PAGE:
The Singapore property market has made an impressive recovery over the past year. Prices of mass-market homes in the residential sectors have exceeded the 2007 peak, with predictions that the luxury segment this year will reach the record highs of 2007.

Things are also going well in the office market, which saw an increase in leasing activity since the fourth quarter last year. Demands are turning on the positive side and predictions of a 30 percent increase in some quarters this year has been made in the Grade A office rental market.

However, everyone should not get carried away, as authorities in many Asian countries are keeping a closer watch on asset bubbles from hot money flowing into the real estate market. Low interest rates and liquidity remain the primary fuel in the upturn of the property market.

The big question is whether this recovery can be sustained, as it depends on how well Singapore and the rest of the world play on the recovery. Concerns on sovereign debt default in several European countries continue to draw worries about a double-dip recession. The drive towards higher labour productivity in Singapore could also give rise to job insecurity and reduce demand from homebuyers.

Completion of several major projects in the country could be seen this year, including the Resorts World Sentosa integrated resorts, the Marina Bay Sands and Marina Bay Financial Centre.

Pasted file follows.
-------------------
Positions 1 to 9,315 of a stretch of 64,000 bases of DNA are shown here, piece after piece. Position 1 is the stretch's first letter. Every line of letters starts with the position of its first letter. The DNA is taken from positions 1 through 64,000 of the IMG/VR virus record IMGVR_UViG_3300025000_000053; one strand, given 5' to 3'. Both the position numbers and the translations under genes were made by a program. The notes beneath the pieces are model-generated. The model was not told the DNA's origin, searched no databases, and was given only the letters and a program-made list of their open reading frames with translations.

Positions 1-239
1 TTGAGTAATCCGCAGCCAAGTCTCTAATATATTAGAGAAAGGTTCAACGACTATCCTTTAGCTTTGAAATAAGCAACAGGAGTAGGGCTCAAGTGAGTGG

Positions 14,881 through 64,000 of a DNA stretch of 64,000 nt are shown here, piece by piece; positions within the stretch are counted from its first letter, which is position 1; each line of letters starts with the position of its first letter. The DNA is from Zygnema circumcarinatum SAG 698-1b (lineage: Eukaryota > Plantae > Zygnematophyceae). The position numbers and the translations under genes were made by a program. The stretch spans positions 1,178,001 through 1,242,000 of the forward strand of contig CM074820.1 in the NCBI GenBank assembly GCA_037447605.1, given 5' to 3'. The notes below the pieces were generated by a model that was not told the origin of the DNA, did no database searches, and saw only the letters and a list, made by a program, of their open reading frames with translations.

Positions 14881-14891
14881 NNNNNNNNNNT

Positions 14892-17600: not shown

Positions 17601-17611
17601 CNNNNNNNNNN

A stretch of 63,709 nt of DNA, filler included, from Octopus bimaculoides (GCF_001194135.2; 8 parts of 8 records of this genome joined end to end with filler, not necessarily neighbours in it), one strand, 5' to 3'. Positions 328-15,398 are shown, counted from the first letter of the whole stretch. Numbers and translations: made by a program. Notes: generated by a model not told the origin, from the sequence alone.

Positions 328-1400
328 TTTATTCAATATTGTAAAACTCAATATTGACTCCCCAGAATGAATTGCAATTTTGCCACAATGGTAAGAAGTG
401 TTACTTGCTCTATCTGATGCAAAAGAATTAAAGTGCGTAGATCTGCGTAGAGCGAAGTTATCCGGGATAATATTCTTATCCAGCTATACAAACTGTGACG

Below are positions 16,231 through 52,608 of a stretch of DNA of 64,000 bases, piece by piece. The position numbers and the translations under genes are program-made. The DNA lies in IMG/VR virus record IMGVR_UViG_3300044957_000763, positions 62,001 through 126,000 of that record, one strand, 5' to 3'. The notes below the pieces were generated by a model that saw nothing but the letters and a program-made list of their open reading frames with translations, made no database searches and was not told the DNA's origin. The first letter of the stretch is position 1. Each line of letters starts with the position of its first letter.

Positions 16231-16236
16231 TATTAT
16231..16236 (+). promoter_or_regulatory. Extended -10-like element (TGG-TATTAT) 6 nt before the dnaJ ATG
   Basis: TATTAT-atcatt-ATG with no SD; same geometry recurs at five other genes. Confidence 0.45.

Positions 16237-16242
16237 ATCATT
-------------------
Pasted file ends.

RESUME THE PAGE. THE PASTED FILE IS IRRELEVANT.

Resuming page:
The two IRs are expected to boost Singapore’s tourism industry, which could generate multipliers for the broader economy, making a positive sign in the Singapore property market.

Several property industry players have long been hoping on the IRs to draw high-rollers into town that will be impressed with Singapore and want to invest in the country’s property market. Singapore will also be on the spotlight of many overseas investors if the IRs are successful.

Meanwhile, affordability remains a key issue in the country, especially in the mass-market housing segment. A considerable increase in interest rates could also affect price-sensitive buyers.

The Singapore government has come up with several measures to ease out speculators from the housing market, and has the option to increase land supply in the country.

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